Religion, as defined by Marxism, is fantastic reality. Religion is fantastic, not in the trite sense that the claims religion makes are untrue, unreal or unverifiable, but in the sense that nature and society are reflected in exaggerated form, as leaping shadows, as symbols or inversions. Obviously, religion should therefore not be dismissed as “mostly bunk”.
But there is more to it than that. Religious ideas are not only determined by reality: they can themselves “become materially effective”. The ideas people have in their heads - especially when mediated through powerful institutions such as churches, mosques, synagogues and temples - no matter how wrapped up in the godly, impact on their surroundings. After all, everything which moves people into action must first go through their minds; and therefore what people have in their minds must feed back into, and thereby interpenetrate with, material conditions. Grasping this unity of opposites, Marxism is able to analyse the true content and significance of religion with unsurpassed insight.
Clearly the gods never made humanity. Rather humanity made the gods ... and made them in their own image. And as society comes to be cleaved into classes - oppressed and oppressor, slave and master, serf and lord - these antagonisms in all their complexity find their evolving expression in heaven (albeit a necessarily lagging and therefore a conservative one). The struggle of one religion against another is therefore also the struggle of one class against another. Besides being an ideology of social control made from above, religion serves as an ideology of comfort, resistance and even revolution made from below. Marx’s famous quote “Religion is the opium of the people” is the last sentence in a longer, very insightful, quote, which begins: “Religion is the sigh of the oppressed creature, the heart of a heartless world, and the soul of soulless conditions.”
Religion, as defined by Marxism, is fantastic reality. Fantastic, not in the trite sense that the claims religion makes about existence are verifiably untrue, unreal or baseless, but in the sense that nature and society are reflected in exaggerated form, as leaping shadows, as symbols or inversions. So religion should not be dismissed as mere false consciousness. Religion reflects something of the real; but, as Jack Conrad's book shows, there is even more to it than that. Religious ideas are not only determined by reality: they can themselves become materially effective. The ideas people have in their heads - especially when mediated through institutions such as churches, mosques and temples - no matter how wrapped up in the godly and seemingly unrelated to the corporeal world, impact on their surroundings.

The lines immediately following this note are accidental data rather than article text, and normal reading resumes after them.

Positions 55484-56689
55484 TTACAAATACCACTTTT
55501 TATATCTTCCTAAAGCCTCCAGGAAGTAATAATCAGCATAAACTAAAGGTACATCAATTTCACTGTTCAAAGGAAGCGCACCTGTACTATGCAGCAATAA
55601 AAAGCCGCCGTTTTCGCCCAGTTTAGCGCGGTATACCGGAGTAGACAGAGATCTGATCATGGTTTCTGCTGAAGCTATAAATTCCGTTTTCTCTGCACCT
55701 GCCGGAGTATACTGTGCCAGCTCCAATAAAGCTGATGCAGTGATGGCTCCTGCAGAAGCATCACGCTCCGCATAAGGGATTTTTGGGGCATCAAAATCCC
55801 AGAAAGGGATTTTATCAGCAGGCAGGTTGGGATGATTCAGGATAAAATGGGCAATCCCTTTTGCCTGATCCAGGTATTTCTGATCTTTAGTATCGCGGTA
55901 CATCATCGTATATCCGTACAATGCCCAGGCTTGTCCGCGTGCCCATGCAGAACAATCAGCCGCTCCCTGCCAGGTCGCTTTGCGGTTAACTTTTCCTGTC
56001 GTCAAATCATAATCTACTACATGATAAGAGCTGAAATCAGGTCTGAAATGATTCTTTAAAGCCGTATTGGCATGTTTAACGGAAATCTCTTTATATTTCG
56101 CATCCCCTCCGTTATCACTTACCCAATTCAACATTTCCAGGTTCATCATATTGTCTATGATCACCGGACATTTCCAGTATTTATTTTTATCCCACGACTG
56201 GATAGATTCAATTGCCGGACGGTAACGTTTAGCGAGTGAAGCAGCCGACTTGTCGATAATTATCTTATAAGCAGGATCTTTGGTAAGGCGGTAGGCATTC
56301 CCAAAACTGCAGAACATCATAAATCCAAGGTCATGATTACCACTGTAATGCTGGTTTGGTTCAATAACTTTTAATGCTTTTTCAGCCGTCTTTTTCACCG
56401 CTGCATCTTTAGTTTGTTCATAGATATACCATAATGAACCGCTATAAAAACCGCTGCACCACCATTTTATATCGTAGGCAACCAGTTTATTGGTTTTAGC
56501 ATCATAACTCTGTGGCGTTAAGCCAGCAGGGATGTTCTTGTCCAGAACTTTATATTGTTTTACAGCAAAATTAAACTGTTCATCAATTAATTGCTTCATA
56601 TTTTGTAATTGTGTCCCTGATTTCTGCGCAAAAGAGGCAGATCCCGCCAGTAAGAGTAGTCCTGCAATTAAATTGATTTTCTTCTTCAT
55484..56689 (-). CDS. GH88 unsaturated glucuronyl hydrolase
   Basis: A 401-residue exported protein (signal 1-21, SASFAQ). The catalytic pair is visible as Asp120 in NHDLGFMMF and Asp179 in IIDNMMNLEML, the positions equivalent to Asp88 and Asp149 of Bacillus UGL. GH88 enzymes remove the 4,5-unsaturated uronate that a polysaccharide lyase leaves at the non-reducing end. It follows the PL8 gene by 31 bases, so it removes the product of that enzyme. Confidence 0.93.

We must acknowledge that the optimistic assumption shared by many Marxists to the effect that scientific and technological progress, together with advances in education, would by themselves mechanically lead to the withering away of religion has proved wrong. Michael Malkin examines the issue
Michael Malkin discusses Marx's critique of religion in the early 1840s
Michael Malkin looks at Karl Marx’s The German ideology, a document that has raised a number of highly contentious questions in the Marxist tradition
In the last of a series of articles, Michael Malkin outlines the attitude of communists to believers
Even in the 21st century Jesus is still a much prized figure. In this the second chapter of his new book Jack Conrad shows how Jesus has been used and abused by almost every political persuasion
Paul Greenaway reviews Richard Dawkins's The root of all evil?
Jack Conrad discusses Marxist strategy and tactics
Mehdi Kia of Iran Bulletin - Middle East Forum addressed the March 26 London Communist Forum on the question, 'Will Iran be next? Should we align ourselves with the ayatollahs?' This is an edited version of his speech
James Turley reviews Kenan Malik’s From fatwa to jihad: the Rushdie affair and its legacy Atlantic, 2009, pp266, £16.99
Camilla Power addressed the CPGB's Communist University on the origins and evolution of religion. This is an edited version of her speech
Lionel Sims disagrees with conclusions Darvill and Wainwright reached about Stonehenge after a recent dig there. Comrade Sims, a member of the Radical Anthropology Group and the SWP, says that it can only be understood properly in the context of the defeat of the female sex and the transition from primitive communism to class society
Al Richardson, who died last week, made a valuable contribution to Marxist thought. As a tribute we republish his article on the Asiatic mode of production, based on an opening given to Communist University 2001